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Earl Blumenauer on America's Unwise Approach to Disaster Planning and Recovery

Oregon Congressman Earl Blumenauer talks about the failures with federal natural disaster relief and how the country should build its resiliency to climate change with The Planning Report.
September 27, 2013, 8am PDT | Kevin Madden
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Over the past three decades, North America has seen a fivefold increase in weather-related natural disasters, with relief spending mirroring this exponential trend. As the population grows, the number of Americans residing in “at risk” areas along the coast, rivers, and in the “fire zone” also continues to rise. In the following The Planning Report interview, Oregon Congressman Earl Blumenauer explains why our current federal policy on natural disaster recovery is both fiscally unsustainable and life threatening.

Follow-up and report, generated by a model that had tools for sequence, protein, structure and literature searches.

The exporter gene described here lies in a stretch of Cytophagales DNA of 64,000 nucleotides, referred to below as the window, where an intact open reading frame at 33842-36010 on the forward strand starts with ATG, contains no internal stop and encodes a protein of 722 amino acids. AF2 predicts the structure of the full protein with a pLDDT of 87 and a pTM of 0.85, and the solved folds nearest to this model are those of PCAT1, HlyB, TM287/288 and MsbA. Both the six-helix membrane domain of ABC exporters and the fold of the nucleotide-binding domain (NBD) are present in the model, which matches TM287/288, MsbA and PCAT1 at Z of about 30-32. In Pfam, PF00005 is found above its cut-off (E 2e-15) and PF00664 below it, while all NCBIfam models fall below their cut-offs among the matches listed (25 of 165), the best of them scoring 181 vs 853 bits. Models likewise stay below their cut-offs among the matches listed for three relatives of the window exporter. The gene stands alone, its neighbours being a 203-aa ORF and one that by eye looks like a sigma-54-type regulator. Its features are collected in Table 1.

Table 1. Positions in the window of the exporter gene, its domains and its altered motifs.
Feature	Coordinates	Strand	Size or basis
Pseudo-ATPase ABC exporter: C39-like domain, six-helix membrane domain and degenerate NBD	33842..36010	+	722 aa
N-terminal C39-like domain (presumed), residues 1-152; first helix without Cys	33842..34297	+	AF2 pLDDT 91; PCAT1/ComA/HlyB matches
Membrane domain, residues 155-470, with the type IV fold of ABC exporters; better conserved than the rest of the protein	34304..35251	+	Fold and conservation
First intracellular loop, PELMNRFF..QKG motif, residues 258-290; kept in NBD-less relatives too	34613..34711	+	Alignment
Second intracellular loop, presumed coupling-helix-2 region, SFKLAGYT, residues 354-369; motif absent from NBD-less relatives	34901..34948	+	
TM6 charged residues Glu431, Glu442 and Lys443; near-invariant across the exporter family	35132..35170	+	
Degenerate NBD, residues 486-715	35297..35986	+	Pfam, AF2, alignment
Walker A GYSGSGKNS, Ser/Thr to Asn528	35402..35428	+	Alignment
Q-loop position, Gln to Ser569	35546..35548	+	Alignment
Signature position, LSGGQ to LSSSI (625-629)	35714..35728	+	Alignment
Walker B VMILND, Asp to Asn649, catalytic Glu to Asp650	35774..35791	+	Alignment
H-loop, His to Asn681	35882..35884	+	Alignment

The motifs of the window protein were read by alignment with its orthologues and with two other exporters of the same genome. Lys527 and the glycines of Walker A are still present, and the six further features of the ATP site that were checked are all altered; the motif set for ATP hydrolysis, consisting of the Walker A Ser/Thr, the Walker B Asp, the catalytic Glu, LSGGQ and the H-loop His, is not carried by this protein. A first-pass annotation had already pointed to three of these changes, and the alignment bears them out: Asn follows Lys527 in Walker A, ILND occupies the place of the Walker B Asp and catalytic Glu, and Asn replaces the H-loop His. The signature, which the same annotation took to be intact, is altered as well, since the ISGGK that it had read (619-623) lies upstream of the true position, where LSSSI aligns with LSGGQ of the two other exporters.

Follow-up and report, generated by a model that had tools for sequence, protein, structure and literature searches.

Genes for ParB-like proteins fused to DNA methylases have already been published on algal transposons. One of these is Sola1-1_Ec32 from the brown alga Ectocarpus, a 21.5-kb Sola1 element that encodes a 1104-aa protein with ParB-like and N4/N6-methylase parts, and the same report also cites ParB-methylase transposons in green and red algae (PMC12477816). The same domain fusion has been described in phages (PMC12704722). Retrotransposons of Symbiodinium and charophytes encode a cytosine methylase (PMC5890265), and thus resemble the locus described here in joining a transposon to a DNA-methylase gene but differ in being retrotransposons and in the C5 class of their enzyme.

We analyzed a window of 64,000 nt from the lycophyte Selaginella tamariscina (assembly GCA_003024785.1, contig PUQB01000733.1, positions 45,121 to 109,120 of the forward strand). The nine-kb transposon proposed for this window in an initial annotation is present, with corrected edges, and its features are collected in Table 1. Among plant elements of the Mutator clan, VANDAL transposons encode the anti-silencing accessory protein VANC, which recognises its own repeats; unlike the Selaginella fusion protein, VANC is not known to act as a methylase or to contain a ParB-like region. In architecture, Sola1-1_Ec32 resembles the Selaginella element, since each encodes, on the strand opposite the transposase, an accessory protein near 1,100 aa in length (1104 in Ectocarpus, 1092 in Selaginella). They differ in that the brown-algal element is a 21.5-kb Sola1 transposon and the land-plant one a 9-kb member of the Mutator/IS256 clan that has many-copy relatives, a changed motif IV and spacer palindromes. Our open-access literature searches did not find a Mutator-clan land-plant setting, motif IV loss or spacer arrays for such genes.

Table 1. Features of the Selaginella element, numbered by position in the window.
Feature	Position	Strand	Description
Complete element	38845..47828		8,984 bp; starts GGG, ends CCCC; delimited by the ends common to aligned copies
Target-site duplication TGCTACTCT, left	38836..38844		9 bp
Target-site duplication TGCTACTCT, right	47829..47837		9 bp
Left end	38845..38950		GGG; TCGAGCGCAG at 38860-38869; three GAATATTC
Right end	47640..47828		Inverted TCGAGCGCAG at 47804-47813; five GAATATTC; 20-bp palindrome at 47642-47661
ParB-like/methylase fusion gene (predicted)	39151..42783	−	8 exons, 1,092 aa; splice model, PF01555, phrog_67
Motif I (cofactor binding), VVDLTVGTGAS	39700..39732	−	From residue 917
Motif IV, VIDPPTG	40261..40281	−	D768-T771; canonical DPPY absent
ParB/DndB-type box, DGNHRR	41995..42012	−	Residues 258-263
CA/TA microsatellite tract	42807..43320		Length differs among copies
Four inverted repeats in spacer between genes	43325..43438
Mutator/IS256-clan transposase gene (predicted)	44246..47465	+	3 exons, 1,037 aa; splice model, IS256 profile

Blumenauer suggests the changes in zoning, infrastructure investment, insurance, and taxation that must occur on a national scale in order to ensure a more resilient America better prepared for the climate changes we will inevitably face. The federal government is short-sighted when it comes to disaster relief and is unwilling to take money from the regular budget and devote that to mitigation. "At the same time, when we are investing in mitigation, in resiliency, in things that help make communities less disaster prone and that will unquestionably save three to five dollars or more for each dollar we spend, that comes out of the regular budget. It takes money away from defense, agriculture, and food inspection, and projects large and small."

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Published on Wednesday, September 25, 2013 in The Planning Report
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